Intel’s $7 Billion Loss in Chip-Making Unit Signals Industry Shift

Intel grapples with a challenging $7 billion chip-making loss under CEO Pat Gelsinger’s leadership, aiming for resurgence amidst production shifts and technology transitions

By Raunak Bose
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Intel’s $7 Billion Chip Making Loss Signals Industry Shift

Intel (Image via Getty Images)

In an announcement that sent the tech industry reeling, Intel dropped a bombshell with revelations of a staggering $7 billion operating loss for its chip-making division in 2023, shaking the very foundations of the tech industry. This reflected a drop from the $5.2 billion losses made in 2022, which certainly do not offer a bright outlook for the semiconductor titan as it continues its uphill struggle to return to the top position in the market that is currently dominated by Taiwan Semiconductor Manufacturing Company (TSMC).

This revelation occurred when Intel saw its manufacturing division revenue plunge by more than 30%, with an amazing $8.5 billion decrease from 2022 to 2023. The tremors of panic rippled through Intel’s investor community as news of a 4.3% decline in the company’s shares reverberated following the disclosure made to the SEC.

CEO Pat Gelsinger’s Strategy to Reshape Intel’s Future Amid Chip-Making Losses

The Chief Executive of Intel, Pat Gelsinger, made this known during a presentation to investors when he revealed the year 2024 as the possible peaking period of the semiconductor business’s operations. Despite acknowledging continued losses in the near future, Gelsinger remains cautiously optimistic, foreseeing a potential turnaround to break even by the year 2027.

Intel CEO, Pat Gelsinger
Pat Gelsinger, CEO of Intel (Image via CNN) 

Gelsinger blamed the problems of the processor manufacturing industry on a group of bad decisions, including the rejection of the ASML EUV machines a year ago. In spite of their pricey nature beyond $150 million, EUV machines are still considered more efficient than the preceding semiconductor devices.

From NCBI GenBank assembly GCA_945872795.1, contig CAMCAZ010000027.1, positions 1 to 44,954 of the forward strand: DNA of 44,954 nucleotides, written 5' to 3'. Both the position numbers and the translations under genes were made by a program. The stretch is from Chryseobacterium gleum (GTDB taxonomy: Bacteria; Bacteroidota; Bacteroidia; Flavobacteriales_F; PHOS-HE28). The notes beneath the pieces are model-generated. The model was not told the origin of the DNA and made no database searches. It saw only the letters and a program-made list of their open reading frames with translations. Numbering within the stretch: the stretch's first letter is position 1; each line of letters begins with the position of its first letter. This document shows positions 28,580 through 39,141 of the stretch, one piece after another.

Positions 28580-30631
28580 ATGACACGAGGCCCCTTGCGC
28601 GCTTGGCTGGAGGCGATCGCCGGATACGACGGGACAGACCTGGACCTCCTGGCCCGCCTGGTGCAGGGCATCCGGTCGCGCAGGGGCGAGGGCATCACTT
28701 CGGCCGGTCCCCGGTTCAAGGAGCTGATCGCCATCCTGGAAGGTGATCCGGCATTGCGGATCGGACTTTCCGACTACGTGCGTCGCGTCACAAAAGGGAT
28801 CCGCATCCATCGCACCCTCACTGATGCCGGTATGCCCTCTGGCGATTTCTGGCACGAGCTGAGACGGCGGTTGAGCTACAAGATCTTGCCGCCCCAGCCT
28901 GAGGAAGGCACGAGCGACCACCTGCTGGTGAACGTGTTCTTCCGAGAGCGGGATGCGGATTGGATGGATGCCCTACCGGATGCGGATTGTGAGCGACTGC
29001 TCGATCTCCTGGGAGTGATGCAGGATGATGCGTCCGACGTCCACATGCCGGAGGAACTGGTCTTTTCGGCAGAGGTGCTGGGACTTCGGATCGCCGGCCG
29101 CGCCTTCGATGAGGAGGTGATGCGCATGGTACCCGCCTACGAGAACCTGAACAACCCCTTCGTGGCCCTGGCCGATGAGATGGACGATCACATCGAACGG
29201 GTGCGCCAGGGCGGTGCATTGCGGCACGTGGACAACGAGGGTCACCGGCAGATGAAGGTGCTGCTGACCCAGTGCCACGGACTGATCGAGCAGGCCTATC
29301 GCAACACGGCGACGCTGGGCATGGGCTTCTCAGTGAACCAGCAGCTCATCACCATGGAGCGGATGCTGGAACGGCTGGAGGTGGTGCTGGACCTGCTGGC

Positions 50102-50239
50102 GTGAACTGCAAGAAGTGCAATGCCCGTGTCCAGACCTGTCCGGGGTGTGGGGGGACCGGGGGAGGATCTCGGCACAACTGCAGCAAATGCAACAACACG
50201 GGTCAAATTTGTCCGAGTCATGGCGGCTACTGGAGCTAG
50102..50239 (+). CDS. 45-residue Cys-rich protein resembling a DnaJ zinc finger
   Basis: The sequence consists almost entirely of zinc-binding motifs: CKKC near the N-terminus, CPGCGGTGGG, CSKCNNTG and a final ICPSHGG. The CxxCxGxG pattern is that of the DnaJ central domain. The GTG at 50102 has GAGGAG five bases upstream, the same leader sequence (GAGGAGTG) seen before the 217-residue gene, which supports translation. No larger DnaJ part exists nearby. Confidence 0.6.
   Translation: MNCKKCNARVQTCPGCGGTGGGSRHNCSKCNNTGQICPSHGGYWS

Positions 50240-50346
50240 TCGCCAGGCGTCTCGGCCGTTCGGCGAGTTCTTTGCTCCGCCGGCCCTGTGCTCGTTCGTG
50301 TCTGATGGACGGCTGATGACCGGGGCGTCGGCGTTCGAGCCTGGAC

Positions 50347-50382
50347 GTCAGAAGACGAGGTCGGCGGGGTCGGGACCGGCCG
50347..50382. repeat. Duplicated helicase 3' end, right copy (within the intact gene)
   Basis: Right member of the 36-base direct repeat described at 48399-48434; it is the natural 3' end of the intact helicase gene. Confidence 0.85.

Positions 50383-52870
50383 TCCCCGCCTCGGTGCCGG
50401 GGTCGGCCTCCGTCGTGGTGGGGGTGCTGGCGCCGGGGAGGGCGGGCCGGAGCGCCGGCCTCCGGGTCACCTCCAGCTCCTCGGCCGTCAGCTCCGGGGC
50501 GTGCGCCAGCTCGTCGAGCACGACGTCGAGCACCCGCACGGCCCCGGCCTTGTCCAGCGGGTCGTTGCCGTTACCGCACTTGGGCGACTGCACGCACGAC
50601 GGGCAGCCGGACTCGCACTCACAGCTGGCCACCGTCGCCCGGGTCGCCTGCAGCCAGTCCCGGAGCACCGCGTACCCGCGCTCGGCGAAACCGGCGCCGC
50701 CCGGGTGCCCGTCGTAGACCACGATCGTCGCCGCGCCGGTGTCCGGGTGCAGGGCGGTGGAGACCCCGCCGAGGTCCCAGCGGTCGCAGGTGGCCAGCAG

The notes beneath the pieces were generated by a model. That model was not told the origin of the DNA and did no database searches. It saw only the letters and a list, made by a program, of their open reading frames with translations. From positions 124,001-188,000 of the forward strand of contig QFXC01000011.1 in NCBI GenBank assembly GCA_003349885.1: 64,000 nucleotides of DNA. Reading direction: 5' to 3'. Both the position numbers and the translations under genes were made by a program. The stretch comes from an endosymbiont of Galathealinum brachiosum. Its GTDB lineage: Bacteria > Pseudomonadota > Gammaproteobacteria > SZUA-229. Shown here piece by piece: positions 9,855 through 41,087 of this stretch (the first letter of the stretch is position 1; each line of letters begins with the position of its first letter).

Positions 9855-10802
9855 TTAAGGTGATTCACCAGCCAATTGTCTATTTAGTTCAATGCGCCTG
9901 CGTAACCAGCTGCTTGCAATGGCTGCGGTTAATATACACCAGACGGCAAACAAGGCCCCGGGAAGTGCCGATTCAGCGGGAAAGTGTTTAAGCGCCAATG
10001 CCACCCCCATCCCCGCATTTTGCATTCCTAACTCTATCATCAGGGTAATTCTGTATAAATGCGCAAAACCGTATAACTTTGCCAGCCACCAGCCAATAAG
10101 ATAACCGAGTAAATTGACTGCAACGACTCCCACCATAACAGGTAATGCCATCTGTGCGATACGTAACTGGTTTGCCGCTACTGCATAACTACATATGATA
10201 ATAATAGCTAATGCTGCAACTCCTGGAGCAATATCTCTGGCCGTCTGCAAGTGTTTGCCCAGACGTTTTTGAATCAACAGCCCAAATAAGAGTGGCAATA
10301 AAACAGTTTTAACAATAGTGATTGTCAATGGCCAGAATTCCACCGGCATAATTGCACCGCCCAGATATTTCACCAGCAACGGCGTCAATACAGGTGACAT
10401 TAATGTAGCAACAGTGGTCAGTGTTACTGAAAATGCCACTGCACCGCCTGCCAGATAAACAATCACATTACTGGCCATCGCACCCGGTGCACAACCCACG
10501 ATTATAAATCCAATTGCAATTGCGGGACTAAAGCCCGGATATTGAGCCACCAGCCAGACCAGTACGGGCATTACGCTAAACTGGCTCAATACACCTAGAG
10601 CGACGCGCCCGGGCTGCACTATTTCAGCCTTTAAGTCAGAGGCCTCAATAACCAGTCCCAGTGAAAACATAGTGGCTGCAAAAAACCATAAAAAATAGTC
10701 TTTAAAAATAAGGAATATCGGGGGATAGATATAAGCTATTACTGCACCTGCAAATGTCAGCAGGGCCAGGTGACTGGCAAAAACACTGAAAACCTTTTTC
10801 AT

With the burden of outsourced production weighing heavily, Intel found itself outsourcing approximately 30% of its total wafer production to external entities like TSMC, with plans to trim this figure down to 20% in the foreseeable future.

In a strategic shift aimed at altering the course of its fortunes, Intel has embraced EUV technology, slated to supplant outdated methodologies in its manufacturing arsenal, heralding a new era of production processes. Gelsinger further pointed out that through the implementation of EUV technology, Intel is now competitive in both price and performance and thus it has regained its foremost position.

ASML EUV Machines
ASML EUV Machines (Image via Wired) 

In fact, Intel spent billions of dollars on investment plans to build and scale up chip plants across four U.S. states. The future of its newly started business recovery program will be determined by its ability to attract manufacturers around the world to its plants.

Intel is planning to create a separate group within the company, which will be referred to as the Manufacturing Operations (MO) division. The MO will be responsible for tracking and reporting the results of the manufacturing operations.

The huge investments that this firm is making are clearly indicative of its aim to narrow the gap with critical competitors such as TSMC and Samsung Electronics Co Ltd in the highly competitive semiconductor sector.

Overloaded by the need to innovate, and regain the market share, Intel’s future growth trend is hard to predict. Although the company launched a risky investment policy and a revamped technology approach, the company sets its sights on being the industry leader in the semiconductor field.

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